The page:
Tuesday, February 14, 2012

"When Pig's Fly: Training Sucess with Impossible Dogs" - Book Review

Training is a very important part of a relationship with a dog, especially one who is an adept food thief and an expert at ignoring owners when he feels like it. Training Tuesday is my weekly installment in my adventures with getting a Basenji, a notorious breed for not wanting to listen, to listen to me.  I use positive reinforcement and copious amounts of treats to bribe train Indiana so we can have a healthy relationship and my leftovers will stay on the table.  Advice and commiseration are always welcome because I am no expert.

"Only about 10% of dog training is about training any particular behavior, like sit, down, or come. The other 90% of dog training is about getting your dog in a frame of mind where he is willing and able to pay attention and learn. Your average Golden Retriever or Sheltie is in, or close to being in, the frame of mind necessary to learn behaviors. Your Pigs Fly dog is not. That is why, despite the fact that there are any number of very good positive dog training books which show you how to train the basics, like sit, down, and come, most people who own Pigs Fly kinda dogs cannot get their dogs to perform with any reliability. Their dogs are just not engaged in the process."

Getting a "Pig" to Fly

While taking training classes, I was often flustered at the pace that Indiana was supposed to learn something.  The space of a week was never long enough to cement something, even though I have a good amount of time to work with Indiana.  At the end of the eight week course, I was supposed to be able to command Indiana's attention without treats through his Good Canine Certification.  I ended up not even going to the final test because I knew I would fail, and I was embarrassed, even though I was pretty sure that none of the other dogs in the class were at a point any further along than Indiana.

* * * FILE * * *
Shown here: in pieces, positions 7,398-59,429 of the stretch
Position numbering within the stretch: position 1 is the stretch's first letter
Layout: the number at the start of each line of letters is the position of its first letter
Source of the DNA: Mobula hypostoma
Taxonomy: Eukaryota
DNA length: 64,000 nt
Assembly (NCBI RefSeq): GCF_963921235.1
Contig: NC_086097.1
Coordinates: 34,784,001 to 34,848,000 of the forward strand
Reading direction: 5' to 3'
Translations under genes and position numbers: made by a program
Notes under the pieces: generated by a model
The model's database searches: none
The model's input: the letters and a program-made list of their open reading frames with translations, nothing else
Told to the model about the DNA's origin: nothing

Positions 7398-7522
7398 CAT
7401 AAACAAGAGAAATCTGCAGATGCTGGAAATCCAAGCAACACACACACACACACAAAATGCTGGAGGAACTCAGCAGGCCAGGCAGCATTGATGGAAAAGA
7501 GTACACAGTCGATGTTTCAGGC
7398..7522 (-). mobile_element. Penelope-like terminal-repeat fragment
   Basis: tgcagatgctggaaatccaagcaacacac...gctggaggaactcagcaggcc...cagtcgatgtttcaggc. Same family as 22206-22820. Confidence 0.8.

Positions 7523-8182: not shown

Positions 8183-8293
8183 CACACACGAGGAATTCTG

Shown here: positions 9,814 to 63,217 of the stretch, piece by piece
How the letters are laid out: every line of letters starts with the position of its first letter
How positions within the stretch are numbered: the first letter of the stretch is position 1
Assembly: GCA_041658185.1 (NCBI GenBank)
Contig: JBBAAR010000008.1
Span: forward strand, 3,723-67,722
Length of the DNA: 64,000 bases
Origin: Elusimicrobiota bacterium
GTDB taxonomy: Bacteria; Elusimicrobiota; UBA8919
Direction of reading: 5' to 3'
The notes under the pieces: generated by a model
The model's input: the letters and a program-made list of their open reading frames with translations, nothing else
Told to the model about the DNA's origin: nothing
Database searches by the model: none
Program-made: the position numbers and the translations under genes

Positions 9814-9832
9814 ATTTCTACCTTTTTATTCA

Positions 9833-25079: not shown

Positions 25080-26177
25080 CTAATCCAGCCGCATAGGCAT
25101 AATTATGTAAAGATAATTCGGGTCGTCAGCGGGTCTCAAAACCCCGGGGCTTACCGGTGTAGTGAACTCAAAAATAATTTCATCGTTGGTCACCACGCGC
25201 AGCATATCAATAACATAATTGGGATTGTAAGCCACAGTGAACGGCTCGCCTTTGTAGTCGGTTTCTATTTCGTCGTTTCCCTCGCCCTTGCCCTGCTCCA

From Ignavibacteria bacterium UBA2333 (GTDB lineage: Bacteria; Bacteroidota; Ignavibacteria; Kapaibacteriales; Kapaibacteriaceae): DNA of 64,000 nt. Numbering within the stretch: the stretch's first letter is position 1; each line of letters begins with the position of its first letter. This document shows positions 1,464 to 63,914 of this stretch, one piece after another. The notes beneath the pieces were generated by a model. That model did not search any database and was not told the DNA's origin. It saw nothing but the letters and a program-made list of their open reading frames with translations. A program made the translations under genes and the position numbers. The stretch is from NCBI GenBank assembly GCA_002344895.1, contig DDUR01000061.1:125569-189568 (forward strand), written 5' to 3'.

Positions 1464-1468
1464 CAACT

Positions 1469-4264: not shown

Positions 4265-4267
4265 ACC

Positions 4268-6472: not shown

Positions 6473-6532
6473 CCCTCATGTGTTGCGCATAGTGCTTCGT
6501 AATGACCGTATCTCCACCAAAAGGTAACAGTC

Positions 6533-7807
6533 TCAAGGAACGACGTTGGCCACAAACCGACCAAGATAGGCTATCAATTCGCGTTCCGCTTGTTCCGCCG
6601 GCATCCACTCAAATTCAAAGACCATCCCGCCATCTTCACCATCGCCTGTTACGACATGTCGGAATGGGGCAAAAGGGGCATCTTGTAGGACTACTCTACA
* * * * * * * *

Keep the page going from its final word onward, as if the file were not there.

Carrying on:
I wanted to give credit to a great book, which taught me a fantastic lesson in patience and setting expectations too fast (although they can be very high given enough time.)  I think Jane Killion's "When Pigs Fly: Training Success with Impossible Dogs" is a necessity for anyone who owns a dog that is "untrainable" (or "unbiddable" as her book phrases it.)  She emphasizes that any dog can be trained, even if they are a breed known for not listening.  The whole book is about understanding the sensibilities of a dog and not expecting it to react like a golden retriever when learning commands. Unbiddable dogs do things at their own pace, but are just as "intelligent" as any breed.  I don't always use a clicker, but the lessons in the book really break down training into achievable steps.

Indiana has been doing great at learning "Speak" and "Play Dead" and I am taking my time teaching them to him.  I'm hoping to take another stab at his Good Canine Citizen Certification in a few months.


  1. This book has been on my Kindle wish list for months, I think you've just convinced me to finally hit 'purchase.' Delilah is the kind of dog that does what you ask but when she's good and ready and I really, really want a good bond with my dog. Thank you for the great review!! And keep us posted on his Good Citizenship!

  2. I've had terriers for years and they can be quite stubborn. Learning happens best with frequent short lessons. For my Indy, food is his best motivator. He'll do most anything for a treat!

    Critter Alley

  3. thanks so much for sharing this book. i definitely hadn't heard of it before, but i will be sure to add it to my possible future arsenal if all else fails with desmond.

  4. I went through three eight week classes before I even thought about putting my Cricket through the Good Citizen test. If that was a level one class, they are being VERY optimistic.

    It's a great goal, but you want to set the owner/trainers up to succeed too.

    1. It was a Level 2 class, but that was still setting the bar pretty high! Mostly, I found out about not being able to use treats around week 4 or 5 and knew that it wasn't probable to keep Indiana's attention without them quite yet.


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